Plug-in vehicles maintain 35% share of Chinese new-car market in May 

20 July 2023

may

Plug-in vehicles, made up of battery-electric vehicles (BEVs) and plug-in hybrids (PHEVs), are enjoying continued popularity in China. José Pontes, data director at EV-volumes.com, examines the electric market trends in May.

The Chinese new-car market recorded over 600,000 plug-in vehicle registrations in May, up 54% year on year. In total, the country has seen over 2.5 million units take to the roads in the first five months of 2023.

In terms of market share, plug-in vehicles captured 35% of the Chinese new-car market, with BEVs alone accounting for 24% of the country’s registrations. Considering the current growth rate, China’s plug-in vehicle market share can be expected to hit over 40% by the end of 2023. The importance of this market becomes even clearer when considering global figures. China alone represented around 60% of global plug-in registrations in May.

Electrification by category

Looking at China’s overall best-selling models in May, plug-ins populated six of the top 10 positions and five of the top six places. Only the internal-combustion engine (ICE) Nissan Sylphy broke the domination of the electric powertrain at the top end of the table.

Examining registration performance by category, some segments still require an electric boost. City cars (A-segment), subcompacts models (B-segment), and midsize vehicles (D-segment) are heavily electrified. But compacts (C-segment) and full-size (E-segment) models still have a way to go.

The E-segment is a primary example. Premium German models continue to dominate this market, even though these models are essentially ICE-based. In the case of Mercedes-Benz, the EQE is struggling to reach 1,000 registrations a month, but the E-Class continues to surpass the five-digit mark every month.

May’s best sellers

Thanks to a recent refresh and a price cut, the BYD Qin Plus has been rejuvenated, sending its sales upwards and allowing it to take the best-seller spot in May. The midsize model reached 42,887 registrations in the month, with the BEV version alone recording 10,816 registrations.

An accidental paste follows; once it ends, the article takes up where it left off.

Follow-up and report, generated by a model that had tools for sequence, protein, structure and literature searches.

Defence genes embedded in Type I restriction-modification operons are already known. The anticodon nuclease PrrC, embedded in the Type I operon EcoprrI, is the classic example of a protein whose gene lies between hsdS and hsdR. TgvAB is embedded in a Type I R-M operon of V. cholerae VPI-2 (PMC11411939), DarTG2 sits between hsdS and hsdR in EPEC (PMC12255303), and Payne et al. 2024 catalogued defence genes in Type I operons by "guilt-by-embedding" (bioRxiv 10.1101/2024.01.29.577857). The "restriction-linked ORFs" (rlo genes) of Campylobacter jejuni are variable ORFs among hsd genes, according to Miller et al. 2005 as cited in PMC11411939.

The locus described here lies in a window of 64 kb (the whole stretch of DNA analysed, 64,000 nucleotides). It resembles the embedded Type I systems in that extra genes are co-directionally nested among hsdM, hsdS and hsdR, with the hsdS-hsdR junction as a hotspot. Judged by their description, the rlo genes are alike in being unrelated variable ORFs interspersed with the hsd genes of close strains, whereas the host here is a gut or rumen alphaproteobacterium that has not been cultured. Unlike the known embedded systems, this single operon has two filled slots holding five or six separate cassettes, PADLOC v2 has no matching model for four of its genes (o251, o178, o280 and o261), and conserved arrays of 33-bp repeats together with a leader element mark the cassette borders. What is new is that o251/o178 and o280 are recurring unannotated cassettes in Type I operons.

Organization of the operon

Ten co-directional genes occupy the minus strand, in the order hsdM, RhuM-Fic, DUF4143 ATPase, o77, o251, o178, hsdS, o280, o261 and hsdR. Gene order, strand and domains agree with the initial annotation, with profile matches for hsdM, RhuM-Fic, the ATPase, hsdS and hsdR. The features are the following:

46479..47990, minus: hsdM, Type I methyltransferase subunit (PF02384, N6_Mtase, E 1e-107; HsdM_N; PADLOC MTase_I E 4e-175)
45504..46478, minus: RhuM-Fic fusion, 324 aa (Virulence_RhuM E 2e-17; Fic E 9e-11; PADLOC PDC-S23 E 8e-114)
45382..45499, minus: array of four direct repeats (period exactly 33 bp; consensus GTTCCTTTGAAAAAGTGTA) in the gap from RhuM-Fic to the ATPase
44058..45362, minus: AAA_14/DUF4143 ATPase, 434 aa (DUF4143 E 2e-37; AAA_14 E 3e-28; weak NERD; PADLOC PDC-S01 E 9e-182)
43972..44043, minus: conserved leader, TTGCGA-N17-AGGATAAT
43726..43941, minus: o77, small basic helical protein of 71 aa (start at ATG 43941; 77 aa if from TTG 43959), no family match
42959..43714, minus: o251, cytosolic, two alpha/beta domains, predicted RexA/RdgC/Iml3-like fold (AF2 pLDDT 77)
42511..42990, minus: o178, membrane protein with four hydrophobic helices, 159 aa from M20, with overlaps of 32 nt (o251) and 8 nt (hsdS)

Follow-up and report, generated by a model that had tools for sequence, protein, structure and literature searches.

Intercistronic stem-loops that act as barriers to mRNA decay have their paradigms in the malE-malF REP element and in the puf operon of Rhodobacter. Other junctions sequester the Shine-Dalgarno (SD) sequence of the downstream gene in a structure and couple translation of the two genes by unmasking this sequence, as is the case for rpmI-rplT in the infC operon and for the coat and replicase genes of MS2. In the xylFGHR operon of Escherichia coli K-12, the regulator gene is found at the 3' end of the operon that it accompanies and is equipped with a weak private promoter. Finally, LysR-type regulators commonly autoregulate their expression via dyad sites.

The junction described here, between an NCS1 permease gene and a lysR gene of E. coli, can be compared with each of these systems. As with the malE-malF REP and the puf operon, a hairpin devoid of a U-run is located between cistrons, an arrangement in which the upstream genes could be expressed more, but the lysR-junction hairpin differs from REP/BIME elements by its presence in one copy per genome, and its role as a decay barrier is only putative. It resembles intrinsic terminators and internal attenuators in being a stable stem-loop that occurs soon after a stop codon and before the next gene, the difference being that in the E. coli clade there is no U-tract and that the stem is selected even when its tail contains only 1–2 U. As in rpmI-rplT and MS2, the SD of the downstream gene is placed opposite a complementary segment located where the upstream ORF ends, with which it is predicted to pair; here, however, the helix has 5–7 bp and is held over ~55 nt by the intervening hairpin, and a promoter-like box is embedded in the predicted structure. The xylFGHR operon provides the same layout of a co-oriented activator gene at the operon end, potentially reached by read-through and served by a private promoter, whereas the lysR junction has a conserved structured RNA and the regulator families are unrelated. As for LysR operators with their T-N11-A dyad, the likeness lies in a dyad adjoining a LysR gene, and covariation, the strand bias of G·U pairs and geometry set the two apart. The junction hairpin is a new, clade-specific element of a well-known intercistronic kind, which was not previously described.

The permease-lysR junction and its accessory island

With prices starting at ¥100,000 (approximately €13,000), demand is strong again, despite internal competition from the BYD Seal and the Destroyer 05. BYD’s lower-priced midsize sedan can be expected to continue posting strong results, at the cost of its pricier siblings. It should have no problem keeping its most direct competitors, the Tesla Model 3 and GAC Aion S, at a safe distance.

BYD’s midsize SUV, the Song, came second in the month with 37,610 registrations. The model’s only internal competition at present is the recently introduced Frigate 07 PHEV, but the upcoming Sea Lion and Denza N7 are both scheduled to arrive this year. This could prove to be too much competition inside BYD’s midsize SUV portfolio. The Song is BYD’s lower-priced model, the Frigate 07 and Sea Lion, exist at the mid-price point, and the Denza N7 is the brand’s upmarket offering.

Additionally, the current wave of price cuts, which is washing through the local market, will be a decisive factor. BYD has just reduced the price of the Song, as it did with the Qin Plus, but it remains to be seen if this will be enough. The Song must continue to clock over 40,000 registrations a month to maintain the lead in the competitive Chinese market.

The Tesla Model Y reached 31,054 registrations, which is a positive result, considering May was an off-peak month for the brand. Tesla usually sees higher registration figures and the end of each quarter. Recent price cuts appear to have produced positive results for the US crossover, with the midsize model keeping up with the best of the BYD pack.

To compensate for the peaks and valleys Tesla experiences between each month, the Model Y’s results can be examined on an average quarterly basis. Within this window, the BEV reached a 31,500 unit-a-month average, which is a great result for a foreign model in China. With domestic carmakers in peak form, Tesla is currently the only foreign manufacturer able to follow the rapid local pace.

The small-to-compact BYD Dolphin recorded 30,441 registrations in May. Previously, the Dolphin effectively had the category to itself, as direct competitors were selling significantly fewer cars. This success is now being tested by the recently introduced Wuling Bingo, which is achieving roughly 15,000 units a month.

If the Bingo hits the 20,000 unit a month threshold, it could give the Dolphin a run for its money. The small hatchback category could become even more competitive, depending on the success of the upcoming JAC Yiwei 3.

Achieving 26,072 registrations in May, the BYD Yuan Plus made it to fifth place. A success both domestically and internationally, the model can be expected to keep performing well outside of China, given that it has only just begun its international run.

But domestically, its future is somewhat opaque. Considering the current price war in China and the ever-increasing competition, BYD is likely to direct production overseas where competition is less intense and profit margins are higher.